Motley Stones by Adalbert Stifter (Translated from German by Isabel Fargo Cole) - review by George Prochnik

George Prochnik

Human, All Too Human

Motley Stones


New York Review of Books 296pp £14.99

The Austrian writer Adalbert Stifter was an apostle of humanity’s moral, biological and geographical interconnectedness. When a person aids the weak and oppressed, a balance is restored and the helped individual is able to rejoin the social fold, Stifter explained in the preface to his mid-19th-century novella cycle Motley Stones, now available in its first complete English translation. Concomitantly, the person who provides compassionate aid feels more exaltation than is available to the isolated self.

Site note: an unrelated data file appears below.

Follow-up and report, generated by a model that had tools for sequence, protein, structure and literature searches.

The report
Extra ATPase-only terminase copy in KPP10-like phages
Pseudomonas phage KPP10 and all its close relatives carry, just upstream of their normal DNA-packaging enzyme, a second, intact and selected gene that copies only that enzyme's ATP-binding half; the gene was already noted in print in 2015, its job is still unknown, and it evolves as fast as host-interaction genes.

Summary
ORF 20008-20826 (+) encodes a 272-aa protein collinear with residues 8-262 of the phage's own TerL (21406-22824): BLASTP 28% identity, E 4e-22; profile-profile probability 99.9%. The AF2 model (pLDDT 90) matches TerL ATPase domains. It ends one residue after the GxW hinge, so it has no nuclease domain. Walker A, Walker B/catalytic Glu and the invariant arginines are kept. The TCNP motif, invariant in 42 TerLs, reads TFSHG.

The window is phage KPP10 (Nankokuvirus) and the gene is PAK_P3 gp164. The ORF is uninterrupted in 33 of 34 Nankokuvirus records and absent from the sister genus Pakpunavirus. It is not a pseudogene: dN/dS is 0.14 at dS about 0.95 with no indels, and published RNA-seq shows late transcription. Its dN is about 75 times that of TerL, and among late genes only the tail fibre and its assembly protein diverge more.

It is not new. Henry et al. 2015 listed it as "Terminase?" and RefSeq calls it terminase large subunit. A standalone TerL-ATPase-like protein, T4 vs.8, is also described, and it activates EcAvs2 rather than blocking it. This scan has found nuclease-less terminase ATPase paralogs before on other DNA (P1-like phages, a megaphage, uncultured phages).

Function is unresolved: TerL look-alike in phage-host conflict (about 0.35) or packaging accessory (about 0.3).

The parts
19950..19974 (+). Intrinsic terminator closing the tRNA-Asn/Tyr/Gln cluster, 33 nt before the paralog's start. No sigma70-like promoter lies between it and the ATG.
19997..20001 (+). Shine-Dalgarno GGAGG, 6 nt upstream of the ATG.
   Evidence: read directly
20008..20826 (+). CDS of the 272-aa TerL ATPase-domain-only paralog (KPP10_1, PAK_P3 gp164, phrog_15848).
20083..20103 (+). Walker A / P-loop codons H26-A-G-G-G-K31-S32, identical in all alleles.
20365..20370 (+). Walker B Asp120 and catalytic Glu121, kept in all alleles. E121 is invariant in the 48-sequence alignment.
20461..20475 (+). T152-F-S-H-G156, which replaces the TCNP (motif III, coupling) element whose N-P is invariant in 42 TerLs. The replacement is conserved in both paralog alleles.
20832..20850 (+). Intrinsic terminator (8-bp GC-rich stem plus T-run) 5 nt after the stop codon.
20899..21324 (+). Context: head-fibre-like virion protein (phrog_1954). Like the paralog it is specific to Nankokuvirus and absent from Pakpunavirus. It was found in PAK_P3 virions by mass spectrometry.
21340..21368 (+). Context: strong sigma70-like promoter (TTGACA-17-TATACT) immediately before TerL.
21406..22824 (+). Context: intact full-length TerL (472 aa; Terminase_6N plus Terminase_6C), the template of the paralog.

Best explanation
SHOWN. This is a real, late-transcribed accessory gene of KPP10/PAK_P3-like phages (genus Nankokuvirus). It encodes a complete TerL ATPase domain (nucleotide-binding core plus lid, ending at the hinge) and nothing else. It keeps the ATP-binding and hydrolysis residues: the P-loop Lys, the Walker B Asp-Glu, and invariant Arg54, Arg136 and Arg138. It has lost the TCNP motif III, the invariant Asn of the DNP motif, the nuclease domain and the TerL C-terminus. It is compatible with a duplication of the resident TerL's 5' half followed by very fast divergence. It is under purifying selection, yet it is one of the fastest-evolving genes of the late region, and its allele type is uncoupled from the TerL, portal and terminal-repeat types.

In these tales, people generally founder when they become detached. In ‘Granite’, a family of pitch-burners who flee their community to hide from a plague forgo the possibilities for mutual care and perish one by one, until no one is left to bury the bodies but a boy

Sign Up to our newsletter

Receive free articles, highlights from the archive, news, details of prizes, and much more.

RLF - March

Follow Literary Review on Twitter